A federal appeals court has ruled in favor of the Wampanoag Tribe of Gay Head (Aquinnah), paving the way for the tribe to open a bingo hall in a building that had been set aside as a community center.
The three-judge panel has remanded the case to U.S. District Court in Boston, which had previously ruled against the tribe’s rights under the Indian Gaming Regulatory Act.
Cheryl Andrews-Maltais, the tribe’s chairwoman, applauded the court ruling.
“We are simply thrilled with the First Circuit Appellate Court’s decision,” she wrote. “The decision is exactly on point and supports the Tribe’s legal position. Hopefully this decision will help people better understand the responsibilities, rights and privileges of our Tribe.
Aquinnah town leaders will meet with counsel Thursday at 1 p.m. to discuss options including a possible appeal to the U.S. Supreme Court, Ronald Rappaport, the town’s attorney, told the Times Tuesday.
The board of selectmen will discuss all of its options at that meeting, which is likely to be behind closed doors, Mr. Rappaport said. “The Supreme Court is one of those options,” he said.
Monday’s appeals court decision came as a surprise given that the town has had other court rulings go in its favor. “Obviously, we won at the U.S. District Court,” Mr. Rappaport said. “This reverses that decision.”
The central issue in the case has been the tribe’s rights under that federal law. The Town of Aquinnah and the Commonwealth of Massachusetts have argued the tribe waived those rights in a 1987 land settlement.
The tribe’s contention, which the three-member appeals panel unanimously accepted, is that the 1988 law giving tribes the right to provide gambling on reservation lands superseded that agreement.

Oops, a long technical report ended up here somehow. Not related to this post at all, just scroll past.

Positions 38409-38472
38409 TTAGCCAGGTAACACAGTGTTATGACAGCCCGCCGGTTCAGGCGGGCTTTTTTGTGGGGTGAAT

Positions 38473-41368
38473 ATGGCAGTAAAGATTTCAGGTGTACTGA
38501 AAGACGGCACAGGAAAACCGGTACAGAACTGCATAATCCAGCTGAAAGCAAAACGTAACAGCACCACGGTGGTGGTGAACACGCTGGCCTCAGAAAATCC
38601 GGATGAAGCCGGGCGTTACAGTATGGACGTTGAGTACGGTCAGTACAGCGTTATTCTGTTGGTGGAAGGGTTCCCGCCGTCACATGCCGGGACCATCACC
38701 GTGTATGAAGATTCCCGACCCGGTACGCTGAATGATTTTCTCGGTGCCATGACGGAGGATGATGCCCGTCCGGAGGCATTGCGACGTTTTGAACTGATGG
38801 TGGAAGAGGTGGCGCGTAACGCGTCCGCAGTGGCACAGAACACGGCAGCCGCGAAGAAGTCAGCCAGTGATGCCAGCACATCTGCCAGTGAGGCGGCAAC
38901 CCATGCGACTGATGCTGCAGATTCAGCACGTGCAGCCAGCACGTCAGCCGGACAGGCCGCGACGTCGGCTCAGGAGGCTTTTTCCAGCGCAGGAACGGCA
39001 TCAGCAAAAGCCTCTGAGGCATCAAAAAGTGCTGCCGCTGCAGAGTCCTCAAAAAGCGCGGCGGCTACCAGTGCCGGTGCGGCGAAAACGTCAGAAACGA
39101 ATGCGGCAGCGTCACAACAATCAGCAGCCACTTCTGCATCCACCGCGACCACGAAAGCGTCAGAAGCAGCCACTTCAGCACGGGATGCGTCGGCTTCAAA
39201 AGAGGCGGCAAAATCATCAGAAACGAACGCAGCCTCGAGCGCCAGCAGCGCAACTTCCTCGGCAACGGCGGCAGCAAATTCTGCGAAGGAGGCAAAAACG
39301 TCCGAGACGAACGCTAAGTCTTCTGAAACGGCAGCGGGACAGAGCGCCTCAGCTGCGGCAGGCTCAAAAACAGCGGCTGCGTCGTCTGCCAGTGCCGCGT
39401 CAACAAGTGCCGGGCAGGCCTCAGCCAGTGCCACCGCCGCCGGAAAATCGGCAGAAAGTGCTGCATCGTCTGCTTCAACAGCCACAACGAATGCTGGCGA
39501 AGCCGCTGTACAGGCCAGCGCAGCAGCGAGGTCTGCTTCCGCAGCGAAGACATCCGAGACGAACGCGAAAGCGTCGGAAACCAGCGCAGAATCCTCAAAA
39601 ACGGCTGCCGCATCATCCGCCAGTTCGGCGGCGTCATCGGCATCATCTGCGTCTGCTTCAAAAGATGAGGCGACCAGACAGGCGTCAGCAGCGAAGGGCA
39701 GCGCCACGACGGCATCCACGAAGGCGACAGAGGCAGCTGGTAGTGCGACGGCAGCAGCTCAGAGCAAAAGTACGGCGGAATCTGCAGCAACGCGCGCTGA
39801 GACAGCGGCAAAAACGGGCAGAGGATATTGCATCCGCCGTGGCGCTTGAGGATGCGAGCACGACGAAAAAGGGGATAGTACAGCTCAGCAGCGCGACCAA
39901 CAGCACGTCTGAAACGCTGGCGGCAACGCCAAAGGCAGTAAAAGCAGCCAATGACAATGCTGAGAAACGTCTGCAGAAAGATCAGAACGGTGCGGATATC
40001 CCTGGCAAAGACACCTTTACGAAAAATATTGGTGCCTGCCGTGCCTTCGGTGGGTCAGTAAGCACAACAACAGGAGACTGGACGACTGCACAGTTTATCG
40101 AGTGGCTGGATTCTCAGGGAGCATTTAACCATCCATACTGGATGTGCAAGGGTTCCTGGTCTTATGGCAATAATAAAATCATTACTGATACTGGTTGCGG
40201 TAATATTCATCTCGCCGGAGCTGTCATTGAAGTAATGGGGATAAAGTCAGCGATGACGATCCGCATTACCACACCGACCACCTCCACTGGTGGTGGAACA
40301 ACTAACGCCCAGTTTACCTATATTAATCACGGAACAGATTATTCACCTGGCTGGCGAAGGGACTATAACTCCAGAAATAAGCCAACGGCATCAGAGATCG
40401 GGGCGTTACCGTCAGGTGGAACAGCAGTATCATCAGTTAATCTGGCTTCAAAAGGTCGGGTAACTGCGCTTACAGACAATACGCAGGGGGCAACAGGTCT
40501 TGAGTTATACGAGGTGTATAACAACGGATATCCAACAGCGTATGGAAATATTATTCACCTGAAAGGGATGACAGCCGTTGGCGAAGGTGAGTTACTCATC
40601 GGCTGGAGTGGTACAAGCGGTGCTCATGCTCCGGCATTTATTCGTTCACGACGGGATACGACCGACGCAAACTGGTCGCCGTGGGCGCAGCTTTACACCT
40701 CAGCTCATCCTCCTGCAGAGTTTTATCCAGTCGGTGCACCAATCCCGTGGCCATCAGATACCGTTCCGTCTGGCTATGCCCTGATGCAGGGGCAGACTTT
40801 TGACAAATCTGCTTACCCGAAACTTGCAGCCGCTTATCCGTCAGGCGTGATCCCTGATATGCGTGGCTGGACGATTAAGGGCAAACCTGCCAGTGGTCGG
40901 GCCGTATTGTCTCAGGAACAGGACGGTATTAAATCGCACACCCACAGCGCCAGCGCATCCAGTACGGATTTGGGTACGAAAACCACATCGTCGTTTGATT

“As we have always asserted, the Aquinnah Wampanoag has every right to conduct gaming on our Tribal Lands just as any other Tribe in the country,” Ms. Andrews-Maltais wrote. “This decision affirms our sovereign rights and jurisdiction over the land that has always been ours and solidifies our place in the gaming market.”
She called on the state, town and Aquinnah taxpayers association to respect the decision. “All tribal economic development is for the express purpose of providing the necessary governmental programs and services for tribal members, but those benefits expand to the community as a whole,” she wrote. “This decision benefits us all.”
The court ruling is a potentially punishing blow to the town, which has resisted the tribe’s gambling plans, and it could have an impact on the state’s fledgling casino industry.
Aquinnah leaders wanted to compete for a set aside in the state law for a tribal casino off-Island, but those plans on the Freetown/Lakeville town line were thwarted by the state’s refusal to negotiate a compact with the tribe.
Meanwhile, state leaders embraced a proposal by the Mashpee Wampanoag Tribe in Taunton. The Mashpee tribe won federal acknowledgement in 2007, a decision that helped drive the state’s pursuit of legalized casinos. The Mashpee casino proposal is tied up in the federal courts.
The state has licensed two commercial casinos — one in Everett and another in Springfield — that are under construction. A slots-only casino is already operating in Plainville.
Elaine Driscoll, a spokeswoman for the Massachusetts Gaming Commission, wrote in a text message that she is checking with commissioners to see if there will be any public comment on the court ruling.
Mr. Rappaport said there are other avenues available to the town, but he declined to outline them. “It’s not appropriate at this time,” he said.
The tribe was represented by Scott Crowell, Lael Echo-Hawk, Chris Rule, Jody Cummings, and John Duffy, as well as the tribe’s host firm of Donoghue, Barrett and Singal. The tribe is taking time to review the decision before deciding its next move, Andrews-Maltais said.